Democrats implored to reject Joe Manchin's 'toxic and dangerous' fossil fuel provisions in Pentagon bill

Democrats implored to reject Joe Manchin's 'toxic and dangerous' fossil fuel provisions in Pentagon bill
Image via Creative Commons.
Economy

A broad coalition of environmentalists, public health campaigners, and progressive advocacy organizations on Monday issued a stern warning to Senate Majority Leader Chuck Schumer and House Speaker Nancy Pelosi not to include the so-called "dirty deal" on energy project permitting reforms in the mammoth military spending bill set to roll through Congress this month.

In a letter signed by more than 750 groups collectively representing millions of American constituents, the coalition calls on Schumer (D-N.Y.) and Pelosi (D-Calif.) to "unequivocally reject any effort to promote fossil fuels, advance unproven technologies, and weaken our core environmental laws" as it urges the two Democratic leaders to "stand with the communities who continue to bear the brunt of harm from fossil fuels" and act in ways "to prevent wholesale climate disaster."

Kept out of a must-pass stopgap funding bill in September, the permitting reform package is the darling of Sen. Joe Manchin (D-W.Va.), who has tried to force the proposal through on several occasions as part of his agreement earlier this year to support the watered-down Inflation Reduction Act (IRA) that passed both chambers of Congress and was signed into law by President Joe Biden. Since its earlier defeats, Manchin now wants to use the National Defense Authorization Act (NDAA) to force it through despite widespread opposition from expert critics, most members of his own Democratic Party, and outside campaigners.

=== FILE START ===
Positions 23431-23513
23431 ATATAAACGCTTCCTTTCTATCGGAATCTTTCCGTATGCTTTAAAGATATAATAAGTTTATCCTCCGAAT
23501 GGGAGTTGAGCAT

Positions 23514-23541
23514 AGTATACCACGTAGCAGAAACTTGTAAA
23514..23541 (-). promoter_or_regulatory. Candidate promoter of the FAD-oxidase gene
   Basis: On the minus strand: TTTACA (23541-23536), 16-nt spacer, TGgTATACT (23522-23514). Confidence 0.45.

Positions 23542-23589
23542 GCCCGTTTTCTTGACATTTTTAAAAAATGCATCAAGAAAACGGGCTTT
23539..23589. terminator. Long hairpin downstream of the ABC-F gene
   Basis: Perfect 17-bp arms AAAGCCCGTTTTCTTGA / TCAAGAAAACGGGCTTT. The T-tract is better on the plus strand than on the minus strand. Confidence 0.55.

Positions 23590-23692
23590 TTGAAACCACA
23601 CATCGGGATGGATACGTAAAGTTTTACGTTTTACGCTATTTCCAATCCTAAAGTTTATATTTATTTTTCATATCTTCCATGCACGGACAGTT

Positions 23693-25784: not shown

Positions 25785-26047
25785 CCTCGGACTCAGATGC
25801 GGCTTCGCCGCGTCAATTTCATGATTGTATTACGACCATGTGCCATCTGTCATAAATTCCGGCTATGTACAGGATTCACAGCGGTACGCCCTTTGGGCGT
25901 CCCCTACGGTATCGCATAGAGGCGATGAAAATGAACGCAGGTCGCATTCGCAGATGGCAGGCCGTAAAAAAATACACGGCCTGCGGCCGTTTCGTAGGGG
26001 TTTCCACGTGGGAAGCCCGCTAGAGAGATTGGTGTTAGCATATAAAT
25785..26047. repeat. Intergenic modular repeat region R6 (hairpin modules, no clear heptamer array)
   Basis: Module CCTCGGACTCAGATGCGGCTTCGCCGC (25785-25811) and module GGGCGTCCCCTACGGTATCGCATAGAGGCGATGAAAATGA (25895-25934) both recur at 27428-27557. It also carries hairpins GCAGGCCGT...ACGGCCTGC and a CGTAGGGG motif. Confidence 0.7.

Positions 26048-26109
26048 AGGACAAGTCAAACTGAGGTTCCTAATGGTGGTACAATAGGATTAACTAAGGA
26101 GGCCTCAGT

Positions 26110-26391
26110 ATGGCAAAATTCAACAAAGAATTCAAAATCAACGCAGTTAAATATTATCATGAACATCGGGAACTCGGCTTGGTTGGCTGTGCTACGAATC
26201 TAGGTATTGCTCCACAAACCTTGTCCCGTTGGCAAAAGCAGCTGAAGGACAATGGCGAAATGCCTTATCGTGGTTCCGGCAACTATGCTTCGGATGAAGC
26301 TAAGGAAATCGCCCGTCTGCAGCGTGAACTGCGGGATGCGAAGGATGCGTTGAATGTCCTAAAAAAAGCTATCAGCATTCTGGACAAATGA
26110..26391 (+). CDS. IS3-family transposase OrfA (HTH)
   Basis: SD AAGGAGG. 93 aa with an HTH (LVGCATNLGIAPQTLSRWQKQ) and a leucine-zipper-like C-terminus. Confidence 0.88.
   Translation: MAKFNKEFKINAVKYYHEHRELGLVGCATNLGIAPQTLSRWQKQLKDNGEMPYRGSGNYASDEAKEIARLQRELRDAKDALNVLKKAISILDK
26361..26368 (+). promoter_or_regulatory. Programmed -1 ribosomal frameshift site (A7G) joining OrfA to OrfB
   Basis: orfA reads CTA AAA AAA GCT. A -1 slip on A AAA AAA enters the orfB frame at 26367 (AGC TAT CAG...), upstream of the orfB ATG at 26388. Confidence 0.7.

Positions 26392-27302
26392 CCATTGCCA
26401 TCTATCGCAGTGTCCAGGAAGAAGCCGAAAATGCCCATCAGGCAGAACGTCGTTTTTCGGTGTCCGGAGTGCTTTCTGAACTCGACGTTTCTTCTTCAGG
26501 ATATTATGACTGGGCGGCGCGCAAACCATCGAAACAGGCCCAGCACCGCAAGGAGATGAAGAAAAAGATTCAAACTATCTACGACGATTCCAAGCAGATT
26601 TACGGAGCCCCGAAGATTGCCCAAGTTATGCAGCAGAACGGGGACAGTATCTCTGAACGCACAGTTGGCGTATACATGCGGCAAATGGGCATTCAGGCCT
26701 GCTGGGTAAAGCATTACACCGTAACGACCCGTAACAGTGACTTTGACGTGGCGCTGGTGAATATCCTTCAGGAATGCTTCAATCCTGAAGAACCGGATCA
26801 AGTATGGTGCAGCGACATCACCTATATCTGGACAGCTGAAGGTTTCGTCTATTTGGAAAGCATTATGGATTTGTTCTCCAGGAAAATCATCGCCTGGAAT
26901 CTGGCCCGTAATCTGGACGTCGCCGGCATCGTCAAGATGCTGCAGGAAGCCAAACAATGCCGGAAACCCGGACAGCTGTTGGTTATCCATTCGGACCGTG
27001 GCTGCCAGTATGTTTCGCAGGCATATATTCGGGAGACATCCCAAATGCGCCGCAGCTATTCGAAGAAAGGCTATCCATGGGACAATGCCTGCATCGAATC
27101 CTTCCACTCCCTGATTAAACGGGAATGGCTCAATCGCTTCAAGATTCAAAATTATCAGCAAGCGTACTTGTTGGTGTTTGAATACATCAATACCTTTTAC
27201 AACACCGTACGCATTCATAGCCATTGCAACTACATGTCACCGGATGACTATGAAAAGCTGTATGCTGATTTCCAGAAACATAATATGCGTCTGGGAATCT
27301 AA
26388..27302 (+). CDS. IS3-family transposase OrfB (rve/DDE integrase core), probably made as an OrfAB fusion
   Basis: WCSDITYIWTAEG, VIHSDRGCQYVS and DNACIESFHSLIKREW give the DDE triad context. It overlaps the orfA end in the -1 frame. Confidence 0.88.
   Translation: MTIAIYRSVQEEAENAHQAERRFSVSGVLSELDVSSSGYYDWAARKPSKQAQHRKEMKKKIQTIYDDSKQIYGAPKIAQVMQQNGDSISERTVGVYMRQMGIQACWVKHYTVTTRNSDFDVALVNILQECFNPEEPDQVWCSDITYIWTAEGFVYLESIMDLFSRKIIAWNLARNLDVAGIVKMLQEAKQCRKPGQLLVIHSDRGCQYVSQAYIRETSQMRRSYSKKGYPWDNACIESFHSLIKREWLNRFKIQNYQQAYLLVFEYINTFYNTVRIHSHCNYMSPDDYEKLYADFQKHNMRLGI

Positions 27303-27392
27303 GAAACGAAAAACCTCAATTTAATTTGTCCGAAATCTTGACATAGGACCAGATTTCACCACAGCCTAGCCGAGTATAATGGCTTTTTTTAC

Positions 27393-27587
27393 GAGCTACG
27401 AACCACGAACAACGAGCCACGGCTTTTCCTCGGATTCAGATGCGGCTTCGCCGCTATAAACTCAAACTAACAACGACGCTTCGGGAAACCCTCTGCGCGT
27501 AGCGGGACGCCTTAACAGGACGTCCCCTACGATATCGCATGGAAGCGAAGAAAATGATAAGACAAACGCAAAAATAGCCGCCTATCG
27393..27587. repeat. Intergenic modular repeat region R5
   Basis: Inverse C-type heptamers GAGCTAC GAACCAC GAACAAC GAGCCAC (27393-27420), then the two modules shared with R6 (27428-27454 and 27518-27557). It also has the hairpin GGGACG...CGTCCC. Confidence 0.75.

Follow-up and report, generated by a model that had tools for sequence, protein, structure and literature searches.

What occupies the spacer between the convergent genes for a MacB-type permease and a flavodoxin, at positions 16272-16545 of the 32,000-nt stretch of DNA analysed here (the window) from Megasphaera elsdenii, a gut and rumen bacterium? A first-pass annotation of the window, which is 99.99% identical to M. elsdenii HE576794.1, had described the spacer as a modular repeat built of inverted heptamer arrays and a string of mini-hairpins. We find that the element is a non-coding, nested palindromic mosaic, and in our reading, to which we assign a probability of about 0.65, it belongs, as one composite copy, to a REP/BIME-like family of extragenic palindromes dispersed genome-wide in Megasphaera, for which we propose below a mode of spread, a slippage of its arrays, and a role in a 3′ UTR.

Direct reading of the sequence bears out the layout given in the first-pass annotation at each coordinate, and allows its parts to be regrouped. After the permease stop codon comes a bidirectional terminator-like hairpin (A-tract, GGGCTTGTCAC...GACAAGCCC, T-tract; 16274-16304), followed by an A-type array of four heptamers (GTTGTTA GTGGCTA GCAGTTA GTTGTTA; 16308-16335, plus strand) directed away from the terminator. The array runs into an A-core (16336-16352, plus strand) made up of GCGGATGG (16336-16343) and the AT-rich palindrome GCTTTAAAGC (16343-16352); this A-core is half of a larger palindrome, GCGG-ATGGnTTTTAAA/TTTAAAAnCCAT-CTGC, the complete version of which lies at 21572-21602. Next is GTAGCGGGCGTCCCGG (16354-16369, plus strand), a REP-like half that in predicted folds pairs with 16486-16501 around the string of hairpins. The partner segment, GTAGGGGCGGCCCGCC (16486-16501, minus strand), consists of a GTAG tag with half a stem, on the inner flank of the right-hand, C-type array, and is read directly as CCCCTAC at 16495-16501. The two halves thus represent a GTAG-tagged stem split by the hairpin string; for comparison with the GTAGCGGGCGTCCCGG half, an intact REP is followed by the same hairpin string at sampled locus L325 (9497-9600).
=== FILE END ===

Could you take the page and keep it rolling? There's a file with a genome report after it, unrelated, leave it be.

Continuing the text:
On Sunday, The Washington Postreported—citing two people who requested anonymity to "describe private conversations"—that Pelosi "has been in talks with House Armed Services Committee Chairman Adam Smith (D-Wash.) about attaching a version of Manchin's permitting bill" to the NDAA.

According to the Post, the text of the NDAA with the controversial permitting reforms included could be released as early as Monday, though the sources cited in the reporting indicated the situation remains fluid and the legislative plans were "subject to change" prior to any vote.

While Manchin's push for permitting reforms was previously defeated, its possible inclusion in the massive military spending bill, also seen as must-pass legislation, has outraged environmentalists and climate campaigners who argue that the nation must end investments in new fossil fuel infrastructure—including the Mountain Valley Pipeline which would run through West Virginia—in order to make way for the renewable energy transition necessary to stave off the worst impacts of rising global temperatures.

"Manchin's dirty deal is just as toxic and dangerous as before," said Gaby Sarri-Tobar, energy justice campaigner at the Center for Biological Diversity, which spearheaded the letter. "This obvious fossil fuel giveaway would devastate communities and set back efforts to avoid a climate catastrophe. Especially after the administration's support of phasing down fossil fuels at the global climate conference, President Biden and Congress have to stop pandering to one senator's climate-killing agenda and reject any attempts to tack this poison pill to must-pass legislation."